Babine, R.L, Honess, C., Wierman, H.R., & Hallen, S. (2016). The role of clinical nurse specialists in the implementation and sustainability of a practice change. Journal of Nursing Management. Jan;24(1):39-49. doi: 10.1111/jonm.12269.
Babine, R., Hyrkas, K., Baschand, D., Chapman, J., Fuller, V., Honess, C. & Wierman, H. (2016) Falls in A tertiary Care Hospital – Association With Delirium: A Replication Study. Psychosomatics, May-Jun;57(3):273-82. doi: 10.1016/j.psym.2016.01.003
Bowden, K. & Goodman, D. (2014). Barriers to recovery in postpartum addicted women. Work: A Journal of Prevention, Assessment and Rehabilitation, 16:6. Special Issue: Parenting. DOI: 10.3233/WOR-141951
Campbell, J. (2015) Education and simulation training for PICU RNs. Critical Care Nurse Vol 35, No 3, June 2015 (pp. 76 – 81). doi: 10.4037/ccn2015312
Glisic EK, Gardiner L, Josti L, Dermanelian E, Ridel S, Dziodzio J, McCrum B, Enos B, Lerwick P, Fraser GL, Muscat P, Riker RR, Ecker R, Florman J, Seder DB. (2016 Mar). Inadequacy of Headache Management after Subarachnoid Hemorrhage. American Journal of Critical Care, 25(2), 136-143. doi: 10.4037/ajcc2016486.
Hyrkas, K., Linscott, D., & Rhudy, J. (2014). Evaluating preceptors’ and preceptees’ satisfaction concerning preceptorship and the preceptor-preceptee relationship. Journal of Nursing Education and Practice, 4(4), 120-133. Published online 11 February 2014. www.sciedu.ca/jnep. doi: 10.5430/jnep.v4n4p120
Hyrkas, K. & Wiggins, M. (2014). A comparison of usual care, patient-centered education and motivational interviewing to improve medication adherence and readmissions. Journal of Nursing Management, 22(3), 350-361. doi: 10.1111/jonm.12221
Inman, C. (2015) Promoting Positive Patients' Perception of Quietness on a Telemetry Unit: A Quality Improvement Study supporting Sustainable Practice Changes. Nursing 2015 Sep;45(9):14-7. doi: 10.1097/01.NURSE.0000470423.32557.f0.
Macken, L. & Hyrkas, K. (2014) Editorial: Work climate, communication and culture - workforce issues and staff retention. Journal of Nursing Management, 22(8), 951-952. doi: 10.1111/jonm.12275.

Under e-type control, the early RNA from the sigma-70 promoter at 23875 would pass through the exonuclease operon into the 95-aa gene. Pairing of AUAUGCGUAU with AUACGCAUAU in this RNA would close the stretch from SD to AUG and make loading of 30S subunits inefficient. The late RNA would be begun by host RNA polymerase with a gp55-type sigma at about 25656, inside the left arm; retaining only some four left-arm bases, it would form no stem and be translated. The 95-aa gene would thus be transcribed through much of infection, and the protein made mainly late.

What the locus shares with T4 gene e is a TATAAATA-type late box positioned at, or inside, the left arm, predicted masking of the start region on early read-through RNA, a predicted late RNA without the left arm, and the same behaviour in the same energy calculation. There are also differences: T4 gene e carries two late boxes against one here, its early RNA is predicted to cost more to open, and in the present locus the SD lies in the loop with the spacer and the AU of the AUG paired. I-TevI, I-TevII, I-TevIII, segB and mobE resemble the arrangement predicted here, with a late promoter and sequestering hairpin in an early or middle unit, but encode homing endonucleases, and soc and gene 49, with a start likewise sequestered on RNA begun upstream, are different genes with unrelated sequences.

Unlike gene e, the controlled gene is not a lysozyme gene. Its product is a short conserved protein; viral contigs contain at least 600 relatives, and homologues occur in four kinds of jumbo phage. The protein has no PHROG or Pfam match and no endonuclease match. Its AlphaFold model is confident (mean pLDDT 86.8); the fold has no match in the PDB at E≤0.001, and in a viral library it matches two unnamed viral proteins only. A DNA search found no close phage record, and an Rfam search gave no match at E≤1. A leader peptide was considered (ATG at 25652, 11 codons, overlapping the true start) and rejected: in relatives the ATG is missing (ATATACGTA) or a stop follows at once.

Macken, L. & Hyrkas, K. (2014). Editorial: Retention, fatigue, burnout and job satisfaction: New aspects and challenges. Journal of Nursing Management, 22(5), 541-542. Doi: 10.1111/jonm.12254.
Macken, L., Yates, B., Meza, J., Norman, J., Barnason, S., and Pozehl, B. (2014). Health-related quality of life outcomes in coronary artery bypass patients and partners. Journal of Cardiopulmonary Rehabilitation, 34(2), 130-137. doi: 10.1097/HCR.0b013e3182a528ba
McCormick, S. & Hildebrand, A. (2015) A qualitative study of patient and family perceptions of chaplain presence during post-trauma. Journal of Health Care Chaplaincy, 21(2):60-75. doi: 10.1080/08854726.2015.1016317
Phillips K, Keane K, Wolfe BE. Peripheral brain derived neurotrophic factor (BDNF) in bulimia nervosa: a systematic review . Archives of Psychiatric Nursing. 2014 Apr;28(2):108-13. doi: 10.1016/j.apnu.2013.11.006. Epub 2013 Nov 23.
Rhudy, Jr., J., Bakitas, M., Hyrkas, K., Jablonski, R., Pryor, E., Wang, H. & Alexandrov, A. (2015) Effectiveness of Regionalized Systems for Stroke and Myocardial Infarction. Brain and Behavior, 5:10, October 2015. DOI: 10.1002/brb3.398
Thompson, P. &Hyrkas, K. (2014). Editorial: Global nursing leadership. Journal of Nursing Management, 22, 1-3. doi: 10.1111/jonm.12215.
Evidence-based Practice & Interprofessional Research